Praying the Divine Office on Holiday When You Haven’t Got Your Breviary With You

by David Clayton on June 16, 2012

How do you pray the Liturgy of the Hours when the books are too heavy to put into your suitcase and your normal routine is disrupted? I have just returned from a visit to England and Spain to see my family. For various reasons I haven’t been able to leave the US for a couple of years. I couldn’t wait to see everyone again and I had a great time. Lots of time spent with family and friends, walks in the countryside in both countries, visits to English gardens and even a pilgrimage site in North Wales. There was plenty to report on and I will be writing about it in the coming weeks.

First though, how to keep going with the prayer routine while travelling? The quickest answer is to use your smart phone and access the Office online. This was too expensive for me when going to Europe, so I had to go low-tech. Furthermore, not everyone has a smart phone even in the US, so for many this is never an option. The books for the Divine Office are bulky for travel – the time I was away was the transition from volume II to volume III in my three volume briviary, so I would need both. And if you are as careless as I am there is always the worry about the expense of replacing them if I lose them. (I can lose anything that isn’t attached to me – I left the first book of Hours given to me by my spiritual director on a plane.) I could have taken the Shorter Morning and Evening Prayer, but this would still leave me with the problem of what to do for the minor Offices.

Here’s what I did. In his book Earthen Vessels published by Ignatius Press, Gabriel Bunge OSB explains that the essence of the Liturgy of the Hours is marking the Hours and saying the psalms. As a lay person I am not bound to the weekly cycle of the psalms as set out by St Benedict, or the four-weekly cycle that secular priests are bound to. I can devise any cycle of the psalms that suits me and pray them at the hours and this still constitutes liturgical prayer and if I follow it I will still be praying with the Church. I happened to have with me a tiny edition of the New Testament with the Psalms so I made us of this. At each Hour I read the next psalm (or two or even three if they were short) in the order that they come in the bible, 1- 150. I did start with Psalm 94 each day, the invitatory psalm, and where I knew there were penitential psalms (eg psalm 50), I tried to save them for Friday. At the Hours of Lauds, Vespers and Compline, I delved into the gospels and sang the Benedictus, the Magnifcat and the Nunc Dimittis all from Luke. I have included some photos of my little chapel on the patio at my parents’ place in Spain. They have a great view and their garden is lovely, so the motivation to sit out their with a pot of coffee and the psalms was great!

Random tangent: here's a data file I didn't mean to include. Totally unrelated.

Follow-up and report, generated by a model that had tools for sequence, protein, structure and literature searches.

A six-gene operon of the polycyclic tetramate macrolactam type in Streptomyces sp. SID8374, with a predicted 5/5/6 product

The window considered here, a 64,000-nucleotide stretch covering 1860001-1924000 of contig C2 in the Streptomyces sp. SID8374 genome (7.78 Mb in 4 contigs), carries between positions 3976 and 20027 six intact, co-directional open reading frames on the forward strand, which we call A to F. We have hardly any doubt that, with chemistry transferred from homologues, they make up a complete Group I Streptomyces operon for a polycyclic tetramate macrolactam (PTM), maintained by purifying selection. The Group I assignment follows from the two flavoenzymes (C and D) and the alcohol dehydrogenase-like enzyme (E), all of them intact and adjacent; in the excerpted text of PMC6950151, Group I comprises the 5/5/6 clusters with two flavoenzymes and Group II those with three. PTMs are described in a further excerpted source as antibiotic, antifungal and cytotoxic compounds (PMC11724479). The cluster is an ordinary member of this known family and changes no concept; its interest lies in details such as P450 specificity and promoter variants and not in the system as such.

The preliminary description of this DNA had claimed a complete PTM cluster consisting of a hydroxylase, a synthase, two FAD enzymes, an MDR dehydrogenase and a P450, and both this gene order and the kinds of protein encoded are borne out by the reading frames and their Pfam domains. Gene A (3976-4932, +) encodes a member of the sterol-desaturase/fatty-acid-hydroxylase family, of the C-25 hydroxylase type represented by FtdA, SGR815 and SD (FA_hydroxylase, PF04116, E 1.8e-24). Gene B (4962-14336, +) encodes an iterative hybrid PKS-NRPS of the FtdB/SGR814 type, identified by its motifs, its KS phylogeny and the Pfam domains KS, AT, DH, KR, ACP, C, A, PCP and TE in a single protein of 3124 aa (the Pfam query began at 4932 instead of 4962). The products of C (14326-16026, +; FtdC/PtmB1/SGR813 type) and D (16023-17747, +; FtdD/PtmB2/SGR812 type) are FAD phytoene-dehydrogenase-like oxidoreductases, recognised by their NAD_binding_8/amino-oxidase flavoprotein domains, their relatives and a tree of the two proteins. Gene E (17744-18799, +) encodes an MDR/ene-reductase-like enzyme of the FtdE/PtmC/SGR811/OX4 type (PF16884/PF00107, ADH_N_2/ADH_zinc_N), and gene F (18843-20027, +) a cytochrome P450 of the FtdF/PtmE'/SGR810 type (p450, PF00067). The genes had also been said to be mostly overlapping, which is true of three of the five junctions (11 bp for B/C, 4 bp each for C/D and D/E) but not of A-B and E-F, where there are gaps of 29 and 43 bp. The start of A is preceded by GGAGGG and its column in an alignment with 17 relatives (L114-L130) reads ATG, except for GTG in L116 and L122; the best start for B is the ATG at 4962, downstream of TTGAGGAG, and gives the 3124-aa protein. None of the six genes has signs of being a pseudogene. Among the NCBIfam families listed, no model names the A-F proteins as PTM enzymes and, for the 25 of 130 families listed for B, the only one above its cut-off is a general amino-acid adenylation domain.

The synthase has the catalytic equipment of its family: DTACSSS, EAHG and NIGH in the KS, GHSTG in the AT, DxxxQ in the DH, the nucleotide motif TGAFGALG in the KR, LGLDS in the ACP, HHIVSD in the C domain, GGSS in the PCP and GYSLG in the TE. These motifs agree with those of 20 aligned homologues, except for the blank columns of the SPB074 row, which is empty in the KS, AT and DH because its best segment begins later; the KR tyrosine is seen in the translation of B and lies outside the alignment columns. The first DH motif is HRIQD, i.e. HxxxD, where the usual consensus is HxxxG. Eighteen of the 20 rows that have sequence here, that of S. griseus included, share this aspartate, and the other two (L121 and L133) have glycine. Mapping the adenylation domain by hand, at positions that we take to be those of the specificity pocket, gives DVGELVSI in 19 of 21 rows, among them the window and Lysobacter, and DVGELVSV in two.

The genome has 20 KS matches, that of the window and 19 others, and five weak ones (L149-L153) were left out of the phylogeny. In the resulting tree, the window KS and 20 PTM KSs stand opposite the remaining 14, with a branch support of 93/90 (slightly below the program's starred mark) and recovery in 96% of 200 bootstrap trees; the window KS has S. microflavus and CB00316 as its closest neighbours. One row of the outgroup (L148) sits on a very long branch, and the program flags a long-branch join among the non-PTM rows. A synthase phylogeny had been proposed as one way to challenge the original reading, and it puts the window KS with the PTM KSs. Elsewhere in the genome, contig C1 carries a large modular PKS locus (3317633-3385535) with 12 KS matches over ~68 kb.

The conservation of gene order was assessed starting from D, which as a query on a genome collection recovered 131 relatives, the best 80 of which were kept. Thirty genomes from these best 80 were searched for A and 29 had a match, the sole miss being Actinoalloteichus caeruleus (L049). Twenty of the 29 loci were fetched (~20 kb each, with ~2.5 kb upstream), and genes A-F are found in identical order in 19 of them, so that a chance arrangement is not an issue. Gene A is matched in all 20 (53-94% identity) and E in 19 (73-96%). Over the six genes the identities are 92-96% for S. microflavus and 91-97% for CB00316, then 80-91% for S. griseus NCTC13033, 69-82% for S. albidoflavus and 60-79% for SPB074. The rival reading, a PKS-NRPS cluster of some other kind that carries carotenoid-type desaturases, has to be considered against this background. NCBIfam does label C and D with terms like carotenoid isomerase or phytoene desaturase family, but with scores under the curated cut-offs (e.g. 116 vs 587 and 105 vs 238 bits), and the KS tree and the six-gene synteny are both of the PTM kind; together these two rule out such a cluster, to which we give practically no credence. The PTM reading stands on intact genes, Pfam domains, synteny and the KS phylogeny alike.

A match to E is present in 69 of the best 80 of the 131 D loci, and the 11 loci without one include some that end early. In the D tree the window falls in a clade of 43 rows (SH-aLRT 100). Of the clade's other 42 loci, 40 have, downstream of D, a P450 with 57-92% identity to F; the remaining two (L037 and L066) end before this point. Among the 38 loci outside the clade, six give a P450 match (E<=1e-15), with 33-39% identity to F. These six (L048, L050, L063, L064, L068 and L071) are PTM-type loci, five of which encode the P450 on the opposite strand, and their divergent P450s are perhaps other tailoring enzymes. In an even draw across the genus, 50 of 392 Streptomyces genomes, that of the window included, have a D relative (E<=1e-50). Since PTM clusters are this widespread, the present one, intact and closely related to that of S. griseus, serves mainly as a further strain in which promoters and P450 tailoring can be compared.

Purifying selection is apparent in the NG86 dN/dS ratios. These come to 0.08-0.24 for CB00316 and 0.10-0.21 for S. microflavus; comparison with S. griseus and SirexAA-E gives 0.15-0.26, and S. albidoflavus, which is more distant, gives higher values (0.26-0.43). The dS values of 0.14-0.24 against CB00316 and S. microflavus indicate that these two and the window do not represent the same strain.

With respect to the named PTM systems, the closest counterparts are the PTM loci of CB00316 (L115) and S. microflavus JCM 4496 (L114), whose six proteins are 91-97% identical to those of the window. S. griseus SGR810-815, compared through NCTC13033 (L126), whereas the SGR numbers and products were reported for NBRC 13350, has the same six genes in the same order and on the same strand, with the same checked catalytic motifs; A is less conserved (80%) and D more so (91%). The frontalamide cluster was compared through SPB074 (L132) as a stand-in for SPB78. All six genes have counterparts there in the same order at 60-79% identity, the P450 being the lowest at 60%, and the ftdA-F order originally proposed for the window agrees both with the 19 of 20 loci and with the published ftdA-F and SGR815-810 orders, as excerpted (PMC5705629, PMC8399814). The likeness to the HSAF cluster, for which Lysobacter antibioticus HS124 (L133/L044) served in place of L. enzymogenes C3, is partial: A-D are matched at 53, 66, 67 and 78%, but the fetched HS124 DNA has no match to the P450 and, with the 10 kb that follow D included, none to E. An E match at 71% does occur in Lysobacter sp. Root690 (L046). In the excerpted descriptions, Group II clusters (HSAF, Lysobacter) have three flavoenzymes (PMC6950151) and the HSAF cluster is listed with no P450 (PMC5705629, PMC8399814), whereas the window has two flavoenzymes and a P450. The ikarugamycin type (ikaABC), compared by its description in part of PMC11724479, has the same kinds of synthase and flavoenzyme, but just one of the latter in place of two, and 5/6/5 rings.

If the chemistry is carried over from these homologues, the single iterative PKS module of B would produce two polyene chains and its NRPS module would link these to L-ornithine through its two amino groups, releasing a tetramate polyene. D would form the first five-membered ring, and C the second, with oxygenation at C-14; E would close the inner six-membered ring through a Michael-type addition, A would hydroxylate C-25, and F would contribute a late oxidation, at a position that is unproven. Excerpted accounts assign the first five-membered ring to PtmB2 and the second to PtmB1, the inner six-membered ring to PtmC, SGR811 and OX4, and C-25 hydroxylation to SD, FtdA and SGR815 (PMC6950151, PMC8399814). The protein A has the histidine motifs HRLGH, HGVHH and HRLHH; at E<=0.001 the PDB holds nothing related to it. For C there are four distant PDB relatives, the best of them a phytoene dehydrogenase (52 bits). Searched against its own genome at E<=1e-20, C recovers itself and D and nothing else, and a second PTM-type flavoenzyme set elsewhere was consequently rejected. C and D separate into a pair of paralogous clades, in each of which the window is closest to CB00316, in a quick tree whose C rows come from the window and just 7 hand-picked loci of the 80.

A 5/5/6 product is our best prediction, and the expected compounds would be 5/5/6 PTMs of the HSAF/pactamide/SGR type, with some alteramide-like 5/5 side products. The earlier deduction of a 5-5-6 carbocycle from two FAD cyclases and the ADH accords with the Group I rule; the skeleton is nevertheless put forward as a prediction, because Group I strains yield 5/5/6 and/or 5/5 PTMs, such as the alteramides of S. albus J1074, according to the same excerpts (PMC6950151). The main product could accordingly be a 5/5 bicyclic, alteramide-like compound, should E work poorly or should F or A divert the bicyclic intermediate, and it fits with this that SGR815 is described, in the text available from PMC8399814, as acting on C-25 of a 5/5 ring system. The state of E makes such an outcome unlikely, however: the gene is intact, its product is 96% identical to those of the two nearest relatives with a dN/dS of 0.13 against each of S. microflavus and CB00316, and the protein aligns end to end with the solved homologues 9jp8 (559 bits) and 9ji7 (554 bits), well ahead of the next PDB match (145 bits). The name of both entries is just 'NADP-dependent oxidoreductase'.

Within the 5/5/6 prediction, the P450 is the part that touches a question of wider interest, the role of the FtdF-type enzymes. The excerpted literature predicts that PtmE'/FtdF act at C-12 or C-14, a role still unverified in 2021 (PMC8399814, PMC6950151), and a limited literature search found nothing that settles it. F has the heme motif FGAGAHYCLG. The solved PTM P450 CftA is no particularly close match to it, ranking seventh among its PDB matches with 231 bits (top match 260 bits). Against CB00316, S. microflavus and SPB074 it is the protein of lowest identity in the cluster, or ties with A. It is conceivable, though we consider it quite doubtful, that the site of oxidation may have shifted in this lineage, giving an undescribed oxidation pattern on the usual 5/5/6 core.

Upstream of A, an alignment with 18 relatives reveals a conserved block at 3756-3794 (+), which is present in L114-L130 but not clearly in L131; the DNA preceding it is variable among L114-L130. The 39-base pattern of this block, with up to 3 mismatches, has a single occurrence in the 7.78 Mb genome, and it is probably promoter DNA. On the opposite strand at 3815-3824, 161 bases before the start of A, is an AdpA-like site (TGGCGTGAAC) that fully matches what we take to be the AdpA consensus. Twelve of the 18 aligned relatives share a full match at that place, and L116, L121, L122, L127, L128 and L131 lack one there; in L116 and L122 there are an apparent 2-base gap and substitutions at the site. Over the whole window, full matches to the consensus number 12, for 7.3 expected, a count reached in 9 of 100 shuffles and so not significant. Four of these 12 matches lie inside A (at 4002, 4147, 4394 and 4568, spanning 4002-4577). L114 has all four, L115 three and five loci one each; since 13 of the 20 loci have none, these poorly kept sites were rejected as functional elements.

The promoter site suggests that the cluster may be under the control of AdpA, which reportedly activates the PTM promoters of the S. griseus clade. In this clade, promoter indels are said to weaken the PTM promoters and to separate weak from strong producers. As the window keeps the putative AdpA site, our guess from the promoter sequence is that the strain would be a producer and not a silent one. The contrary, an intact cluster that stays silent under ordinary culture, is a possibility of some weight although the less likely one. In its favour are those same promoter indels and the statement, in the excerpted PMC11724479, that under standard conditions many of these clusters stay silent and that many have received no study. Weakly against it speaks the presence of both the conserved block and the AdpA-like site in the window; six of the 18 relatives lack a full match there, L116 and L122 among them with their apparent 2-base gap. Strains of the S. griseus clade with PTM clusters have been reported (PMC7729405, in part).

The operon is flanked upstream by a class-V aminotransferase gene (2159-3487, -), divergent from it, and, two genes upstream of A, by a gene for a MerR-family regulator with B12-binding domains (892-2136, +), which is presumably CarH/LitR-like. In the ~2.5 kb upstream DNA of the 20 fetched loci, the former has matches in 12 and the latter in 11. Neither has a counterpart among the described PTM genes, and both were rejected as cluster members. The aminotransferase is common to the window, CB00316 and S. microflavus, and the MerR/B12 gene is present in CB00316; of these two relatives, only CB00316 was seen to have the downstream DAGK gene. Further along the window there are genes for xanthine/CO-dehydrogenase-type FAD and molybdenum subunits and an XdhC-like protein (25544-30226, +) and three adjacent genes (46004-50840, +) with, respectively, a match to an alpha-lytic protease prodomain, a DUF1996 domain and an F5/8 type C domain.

We have been developing psalm tones at for English for use at Thomas More College. These are designed so that any tone can be applied to any psalm. I apply the inflexions in the melody to the natural emphases in the text. This meant that even with just two or three simple tones sticking in my memory, I could sing the whole Office if I wanted to. This is did if I thought I was out of earshot. I am not yet at the level of evangelical fervour to be able to sing the psalms solo in a busy shopping mall (although I am getting there – I am much less self conscious about singing in front of others than I used to be). The great thing about working from such a small book is that I could fit it in my back pocket and during the course of the day, wherever I happened to be, could pull it out and read the next psalm.